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tv   NEWS LIVE - 30  Al Jazeera  May 7, 2019 10:00pm-10:34pm +03

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well we will. bring it. out. tens of thousands flee their homes in northern syria as the military offensive on it intensifies. this is al jazeera live from london also coming up to reuters journalists are released from jail in me and one of the meets his child for the first time last. protest in istanbul as election officials order a rerun of the city's mayoral vote after the opposition won. i'm done. one hundred years off to help the presence of the former first lady eva peron can
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still be found all over argentina. you know tens of thousands of people are fleeing syria's last rebel stronghold as government troops launch a furious advance with the support of russian app power the u.n. is calling for an urgent deescalation in northwestern syria where airstrikes have killed at least twenty civilians the rebels are promising to fight back and say no to has more now from beirut. it's a worsening humanitarian situation in northwest syria there are reports of up to one hundred fifty thousand people on the move heading north towards the border with turkey escaping what has been described as the fiercest bombardment in months. and only brought what we can we have nothing. syrian and russian planes are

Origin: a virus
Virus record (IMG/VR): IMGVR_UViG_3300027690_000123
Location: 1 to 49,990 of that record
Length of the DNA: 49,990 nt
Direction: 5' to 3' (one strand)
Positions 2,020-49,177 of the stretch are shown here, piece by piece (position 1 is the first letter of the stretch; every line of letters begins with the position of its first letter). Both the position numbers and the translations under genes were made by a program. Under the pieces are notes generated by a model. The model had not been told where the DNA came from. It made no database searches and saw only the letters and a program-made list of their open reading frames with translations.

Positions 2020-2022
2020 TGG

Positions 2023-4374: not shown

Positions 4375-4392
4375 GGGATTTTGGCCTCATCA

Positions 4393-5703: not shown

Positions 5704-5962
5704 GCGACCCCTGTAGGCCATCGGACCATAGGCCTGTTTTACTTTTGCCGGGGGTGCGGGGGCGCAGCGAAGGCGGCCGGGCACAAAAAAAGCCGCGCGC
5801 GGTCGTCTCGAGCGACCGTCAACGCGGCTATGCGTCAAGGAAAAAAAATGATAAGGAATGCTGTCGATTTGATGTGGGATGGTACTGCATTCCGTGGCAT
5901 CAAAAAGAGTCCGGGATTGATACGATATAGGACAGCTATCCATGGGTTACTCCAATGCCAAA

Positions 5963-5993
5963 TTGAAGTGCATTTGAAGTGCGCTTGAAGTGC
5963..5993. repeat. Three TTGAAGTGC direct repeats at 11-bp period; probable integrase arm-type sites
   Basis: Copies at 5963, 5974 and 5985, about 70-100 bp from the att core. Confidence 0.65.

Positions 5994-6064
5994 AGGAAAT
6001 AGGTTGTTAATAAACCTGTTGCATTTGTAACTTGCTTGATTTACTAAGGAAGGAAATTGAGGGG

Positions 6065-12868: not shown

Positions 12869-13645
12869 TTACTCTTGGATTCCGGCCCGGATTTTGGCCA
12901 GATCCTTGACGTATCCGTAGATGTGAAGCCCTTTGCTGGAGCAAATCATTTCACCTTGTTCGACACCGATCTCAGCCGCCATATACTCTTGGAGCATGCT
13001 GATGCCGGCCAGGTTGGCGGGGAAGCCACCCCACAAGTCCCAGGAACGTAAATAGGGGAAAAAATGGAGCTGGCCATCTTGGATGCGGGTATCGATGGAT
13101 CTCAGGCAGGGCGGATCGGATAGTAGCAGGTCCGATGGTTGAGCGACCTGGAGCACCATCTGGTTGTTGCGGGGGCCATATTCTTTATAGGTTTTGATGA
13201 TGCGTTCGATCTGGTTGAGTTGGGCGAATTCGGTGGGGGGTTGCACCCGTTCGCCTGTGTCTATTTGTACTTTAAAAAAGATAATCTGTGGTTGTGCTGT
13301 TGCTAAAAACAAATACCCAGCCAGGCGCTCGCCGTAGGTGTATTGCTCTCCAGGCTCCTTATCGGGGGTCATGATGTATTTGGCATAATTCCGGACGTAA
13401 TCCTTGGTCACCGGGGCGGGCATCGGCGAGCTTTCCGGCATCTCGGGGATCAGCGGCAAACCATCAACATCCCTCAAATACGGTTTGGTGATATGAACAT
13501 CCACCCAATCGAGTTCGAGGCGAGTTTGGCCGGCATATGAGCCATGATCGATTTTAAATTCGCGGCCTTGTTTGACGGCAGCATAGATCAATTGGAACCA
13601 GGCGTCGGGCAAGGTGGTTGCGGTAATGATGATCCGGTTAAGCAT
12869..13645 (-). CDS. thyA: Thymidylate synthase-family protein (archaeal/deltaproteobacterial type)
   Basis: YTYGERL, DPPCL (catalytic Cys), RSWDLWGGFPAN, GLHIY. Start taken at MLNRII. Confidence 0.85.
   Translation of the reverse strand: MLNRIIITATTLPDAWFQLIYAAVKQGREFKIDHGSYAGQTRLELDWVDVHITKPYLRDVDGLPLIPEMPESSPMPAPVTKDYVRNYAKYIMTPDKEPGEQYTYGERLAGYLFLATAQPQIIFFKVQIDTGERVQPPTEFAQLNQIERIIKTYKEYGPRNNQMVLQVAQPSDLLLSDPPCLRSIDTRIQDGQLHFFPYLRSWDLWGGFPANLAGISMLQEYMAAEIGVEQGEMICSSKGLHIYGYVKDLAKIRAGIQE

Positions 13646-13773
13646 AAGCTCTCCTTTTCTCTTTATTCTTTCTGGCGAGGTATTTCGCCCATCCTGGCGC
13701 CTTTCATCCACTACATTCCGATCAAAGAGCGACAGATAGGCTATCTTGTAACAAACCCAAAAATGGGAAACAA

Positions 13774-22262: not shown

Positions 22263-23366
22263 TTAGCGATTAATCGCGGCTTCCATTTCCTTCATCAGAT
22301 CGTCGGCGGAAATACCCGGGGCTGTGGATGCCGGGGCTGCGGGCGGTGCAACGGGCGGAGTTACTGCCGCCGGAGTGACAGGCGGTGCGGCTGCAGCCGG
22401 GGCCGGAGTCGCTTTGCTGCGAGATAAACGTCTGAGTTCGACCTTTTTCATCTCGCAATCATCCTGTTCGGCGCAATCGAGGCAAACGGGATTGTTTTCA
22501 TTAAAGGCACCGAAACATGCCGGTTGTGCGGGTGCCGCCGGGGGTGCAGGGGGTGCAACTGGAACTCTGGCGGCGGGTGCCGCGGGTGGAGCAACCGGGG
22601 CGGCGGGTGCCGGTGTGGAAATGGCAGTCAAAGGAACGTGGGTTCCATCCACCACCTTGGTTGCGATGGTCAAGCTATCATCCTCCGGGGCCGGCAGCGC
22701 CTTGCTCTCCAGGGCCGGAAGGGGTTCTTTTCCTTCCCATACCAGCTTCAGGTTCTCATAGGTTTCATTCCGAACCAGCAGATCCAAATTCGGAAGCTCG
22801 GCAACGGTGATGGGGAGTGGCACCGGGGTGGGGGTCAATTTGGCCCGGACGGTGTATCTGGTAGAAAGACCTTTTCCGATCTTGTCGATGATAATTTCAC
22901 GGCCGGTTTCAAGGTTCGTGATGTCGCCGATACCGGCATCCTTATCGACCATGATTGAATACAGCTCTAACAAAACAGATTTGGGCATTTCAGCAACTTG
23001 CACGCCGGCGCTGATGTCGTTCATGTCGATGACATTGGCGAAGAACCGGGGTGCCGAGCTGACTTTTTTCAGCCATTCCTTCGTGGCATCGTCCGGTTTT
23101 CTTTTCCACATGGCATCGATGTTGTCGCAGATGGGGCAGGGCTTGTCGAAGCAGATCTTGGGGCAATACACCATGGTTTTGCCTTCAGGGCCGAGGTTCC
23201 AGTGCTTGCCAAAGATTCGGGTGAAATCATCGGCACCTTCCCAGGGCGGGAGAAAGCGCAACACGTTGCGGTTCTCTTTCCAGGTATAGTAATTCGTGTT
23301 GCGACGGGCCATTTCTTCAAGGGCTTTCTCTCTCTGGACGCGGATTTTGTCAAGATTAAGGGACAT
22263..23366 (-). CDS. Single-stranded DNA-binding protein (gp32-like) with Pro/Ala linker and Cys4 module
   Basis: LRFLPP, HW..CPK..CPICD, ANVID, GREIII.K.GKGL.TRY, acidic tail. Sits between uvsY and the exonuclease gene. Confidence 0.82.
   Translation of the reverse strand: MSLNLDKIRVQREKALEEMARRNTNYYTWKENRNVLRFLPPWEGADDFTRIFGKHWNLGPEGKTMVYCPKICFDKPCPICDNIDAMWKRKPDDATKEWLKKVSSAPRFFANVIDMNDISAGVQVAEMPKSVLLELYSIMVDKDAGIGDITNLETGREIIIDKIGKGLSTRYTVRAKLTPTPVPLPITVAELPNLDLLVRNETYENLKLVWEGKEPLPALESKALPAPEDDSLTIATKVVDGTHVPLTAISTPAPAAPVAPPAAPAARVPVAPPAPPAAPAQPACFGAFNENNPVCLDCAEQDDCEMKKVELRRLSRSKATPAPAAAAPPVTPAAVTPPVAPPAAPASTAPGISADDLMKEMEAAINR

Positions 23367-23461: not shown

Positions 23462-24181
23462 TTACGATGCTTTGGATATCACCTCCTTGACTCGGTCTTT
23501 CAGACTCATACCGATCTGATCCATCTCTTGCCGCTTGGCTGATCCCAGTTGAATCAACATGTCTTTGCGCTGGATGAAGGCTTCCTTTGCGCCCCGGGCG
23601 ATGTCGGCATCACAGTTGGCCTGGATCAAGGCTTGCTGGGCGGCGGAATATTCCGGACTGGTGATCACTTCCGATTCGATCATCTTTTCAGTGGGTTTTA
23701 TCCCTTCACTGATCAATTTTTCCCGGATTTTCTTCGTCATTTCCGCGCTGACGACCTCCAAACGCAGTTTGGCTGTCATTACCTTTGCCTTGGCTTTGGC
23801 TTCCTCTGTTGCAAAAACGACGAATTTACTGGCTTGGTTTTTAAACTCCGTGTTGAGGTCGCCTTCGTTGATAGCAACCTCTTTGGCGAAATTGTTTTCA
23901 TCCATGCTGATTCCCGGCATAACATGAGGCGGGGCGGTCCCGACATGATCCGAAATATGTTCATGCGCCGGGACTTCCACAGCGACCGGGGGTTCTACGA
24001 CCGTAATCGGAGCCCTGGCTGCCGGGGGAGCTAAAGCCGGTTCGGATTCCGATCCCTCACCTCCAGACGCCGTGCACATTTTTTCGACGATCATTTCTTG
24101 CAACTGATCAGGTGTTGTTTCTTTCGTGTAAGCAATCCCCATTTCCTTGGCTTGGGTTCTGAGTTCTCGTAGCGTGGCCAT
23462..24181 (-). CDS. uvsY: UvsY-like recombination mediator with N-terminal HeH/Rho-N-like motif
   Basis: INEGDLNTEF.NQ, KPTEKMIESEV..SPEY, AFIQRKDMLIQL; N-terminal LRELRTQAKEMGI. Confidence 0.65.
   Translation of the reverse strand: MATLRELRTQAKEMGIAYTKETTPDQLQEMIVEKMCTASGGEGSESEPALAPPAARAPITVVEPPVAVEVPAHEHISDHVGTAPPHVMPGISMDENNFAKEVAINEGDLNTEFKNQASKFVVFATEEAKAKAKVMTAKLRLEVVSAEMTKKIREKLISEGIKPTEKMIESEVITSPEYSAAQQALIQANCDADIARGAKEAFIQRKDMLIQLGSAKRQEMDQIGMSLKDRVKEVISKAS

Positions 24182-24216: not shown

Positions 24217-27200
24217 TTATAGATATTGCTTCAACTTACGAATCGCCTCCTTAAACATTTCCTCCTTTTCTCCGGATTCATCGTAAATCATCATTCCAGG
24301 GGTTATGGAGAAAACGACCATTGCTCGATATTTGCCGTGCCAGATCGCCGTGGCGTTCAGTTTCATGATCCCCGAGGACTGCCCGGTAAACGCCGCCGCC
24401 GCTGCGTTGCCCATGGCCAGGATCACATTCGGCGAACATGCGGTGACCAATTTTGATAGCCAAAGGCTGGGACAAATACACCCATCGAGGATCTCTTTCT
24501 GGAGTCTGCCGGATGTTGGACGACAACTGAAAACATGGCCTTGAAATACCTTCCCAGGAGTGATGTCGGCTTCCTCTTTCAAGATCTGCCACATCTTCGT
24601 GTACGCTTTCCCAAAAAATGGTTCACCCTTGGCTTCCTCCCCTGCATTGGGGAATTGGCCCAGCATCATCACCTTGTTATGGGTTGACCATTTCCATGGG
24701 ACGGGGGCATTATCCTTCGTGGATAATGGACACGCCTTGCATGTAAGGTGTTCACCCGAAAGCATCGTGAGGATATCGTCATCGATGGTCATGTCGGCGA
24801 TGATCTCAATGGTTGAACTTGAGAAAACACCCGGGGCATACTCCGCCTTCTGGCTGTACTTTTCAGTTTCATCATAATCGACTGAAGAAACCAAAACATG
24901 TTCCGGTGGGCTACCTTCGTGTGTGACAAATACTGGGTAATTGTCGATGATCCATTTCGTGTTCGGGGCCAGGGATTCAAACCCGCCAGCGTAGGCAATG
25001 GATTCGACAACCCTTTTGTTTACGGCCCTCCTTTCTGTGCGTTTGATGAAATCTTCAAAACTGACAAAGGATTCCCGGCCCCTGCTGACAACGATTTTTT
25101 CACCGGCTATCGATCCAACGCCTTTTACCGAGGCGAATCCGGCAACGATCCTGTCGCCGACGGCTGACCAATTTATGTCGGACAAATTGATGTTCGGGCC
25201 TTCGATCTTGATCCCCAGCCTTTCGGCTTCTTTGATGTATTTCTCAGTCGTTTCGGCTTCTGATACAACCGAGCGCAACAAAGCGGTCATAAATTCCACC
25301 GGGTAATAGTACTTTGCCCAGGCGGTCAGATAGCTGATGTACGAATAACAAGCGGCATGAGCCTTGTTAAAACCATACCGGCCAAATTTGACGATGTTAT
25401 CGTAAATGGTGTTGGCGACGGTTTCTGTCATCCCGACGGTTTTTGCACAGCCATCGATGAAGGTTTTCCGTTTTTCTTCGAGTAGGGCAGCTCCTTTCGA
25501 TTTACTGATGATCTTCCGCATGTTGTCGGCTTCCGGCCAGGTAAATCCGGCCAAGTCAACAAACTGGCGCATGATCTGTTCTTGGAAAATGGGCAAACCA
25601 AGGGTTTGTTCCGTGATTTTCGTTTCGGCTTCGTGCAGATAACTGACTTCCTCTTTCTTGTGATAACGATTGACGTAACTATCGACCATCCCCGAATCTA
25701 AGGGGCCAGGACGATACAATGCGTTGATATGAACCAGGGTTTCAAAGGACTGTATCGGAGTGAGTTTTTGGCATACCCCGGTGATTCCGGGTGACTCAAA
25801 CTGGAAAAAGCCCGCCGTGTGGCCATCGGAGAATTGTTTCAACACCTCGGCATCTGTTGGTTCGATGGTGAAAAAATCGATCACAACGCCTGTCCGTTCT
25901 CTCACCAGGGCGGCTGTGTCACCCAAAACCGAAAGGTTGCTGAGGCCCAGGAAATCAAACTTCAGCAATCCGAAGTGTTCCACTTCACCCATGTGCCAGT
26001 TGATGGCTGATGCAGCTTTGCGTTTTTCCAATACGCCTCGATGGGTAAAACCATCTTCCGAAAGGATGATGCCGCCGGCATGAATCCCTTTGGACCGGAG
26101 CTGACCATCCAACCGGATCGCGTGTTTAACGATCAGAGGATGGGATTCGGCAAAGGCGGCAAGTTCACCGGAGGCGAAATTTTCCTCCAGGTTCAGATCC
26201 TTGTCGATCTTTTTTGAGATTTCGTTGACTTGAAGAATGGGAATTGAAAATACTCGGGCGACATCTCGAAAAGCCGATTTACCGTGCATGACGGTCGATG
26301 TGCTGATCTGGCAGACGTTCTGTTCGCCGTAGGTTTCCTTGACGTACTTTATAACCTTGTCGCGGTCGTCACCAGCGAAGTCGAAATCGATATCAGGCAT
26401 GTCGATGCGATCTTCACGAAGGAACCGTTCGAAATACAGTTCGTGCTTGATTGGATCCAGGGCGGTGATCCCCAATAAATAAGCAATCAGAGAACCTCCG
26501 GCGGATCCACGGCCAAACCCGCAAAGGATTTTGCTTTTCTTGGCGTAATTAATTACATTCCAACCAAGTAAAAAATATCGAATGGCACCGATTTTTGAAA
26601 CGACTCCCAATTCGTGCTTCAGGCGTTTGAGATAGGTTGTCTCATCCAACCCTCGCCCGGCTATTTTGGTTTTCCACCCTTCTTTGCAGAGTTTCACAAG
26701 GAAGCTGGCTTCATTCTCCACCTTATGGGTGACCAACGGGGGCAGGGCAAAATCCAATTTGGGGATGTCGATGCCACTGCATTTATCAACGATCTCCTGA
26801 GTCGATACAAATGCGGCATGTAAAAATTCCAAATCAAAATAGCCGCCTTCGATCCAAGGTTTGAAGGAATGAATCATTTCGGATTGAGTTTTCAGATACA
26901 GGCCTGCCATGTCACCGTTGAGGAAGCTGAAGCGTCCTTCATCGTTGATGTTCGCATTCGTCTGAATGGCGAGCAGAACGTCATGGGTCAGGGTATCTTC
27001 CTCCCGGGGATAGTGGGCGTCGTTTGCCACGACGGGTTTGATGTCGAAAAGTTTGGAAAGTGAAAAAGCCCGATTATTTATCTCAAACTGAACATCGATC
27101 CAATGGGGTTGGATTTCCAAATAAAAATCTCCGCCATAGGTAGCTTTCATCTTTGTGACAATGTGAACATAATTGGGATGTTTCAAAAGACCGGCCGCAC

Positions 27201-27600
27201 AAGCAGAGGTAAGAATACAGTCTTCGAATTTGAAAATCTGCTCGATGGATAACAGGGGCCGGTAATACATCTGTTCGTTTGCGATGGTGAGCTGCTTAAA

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continuing to target villages across southern and northern hama it's been more than a week now dozens of civilians have been killed the united nations is calling for an urgent deescalation and a recommitment to the cease fire especially after schools and health facilities were targeted the u.n. is closely monitoring the situation. militarists there are contingency plans. being revised in terms of supply hunting but at the same time there are also reports. of their operations. in the region syrian government troops have for the first time pushed into rebel territory taking some ground in northwest hama but it's only the beginning of what is expected to be a difficult and costly battle. where you know nothing. is against political blackmail or under military pressure and yet time by the russians to enter your and they were right to land will be met with fire the next bazza will be
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fateful our enemies will be surprised. how. long with. groups are the dominant force in this area they have refused to abide by the ceasefire agreed by turkey and russia last september russia and syria say the military campaign is against those so-called radical groups but those fighters are embedded among the civilian population russia has accused turkey of not fulfilling its commitment to clear a demilitarized zone from the so-called radical groups and open highways that link city. held by the government but turkish officials argue a war with the two to share meant other armed groups would only endanger the lives of civilians has been trying to push for a negotiated solution now the syrian army and its allies are trying to forcibly dislodge them at least from the hammock countryside and a few kilometers into an area that was supposed to be a buffer zone the army hasn't announced the scope of its operations but there is no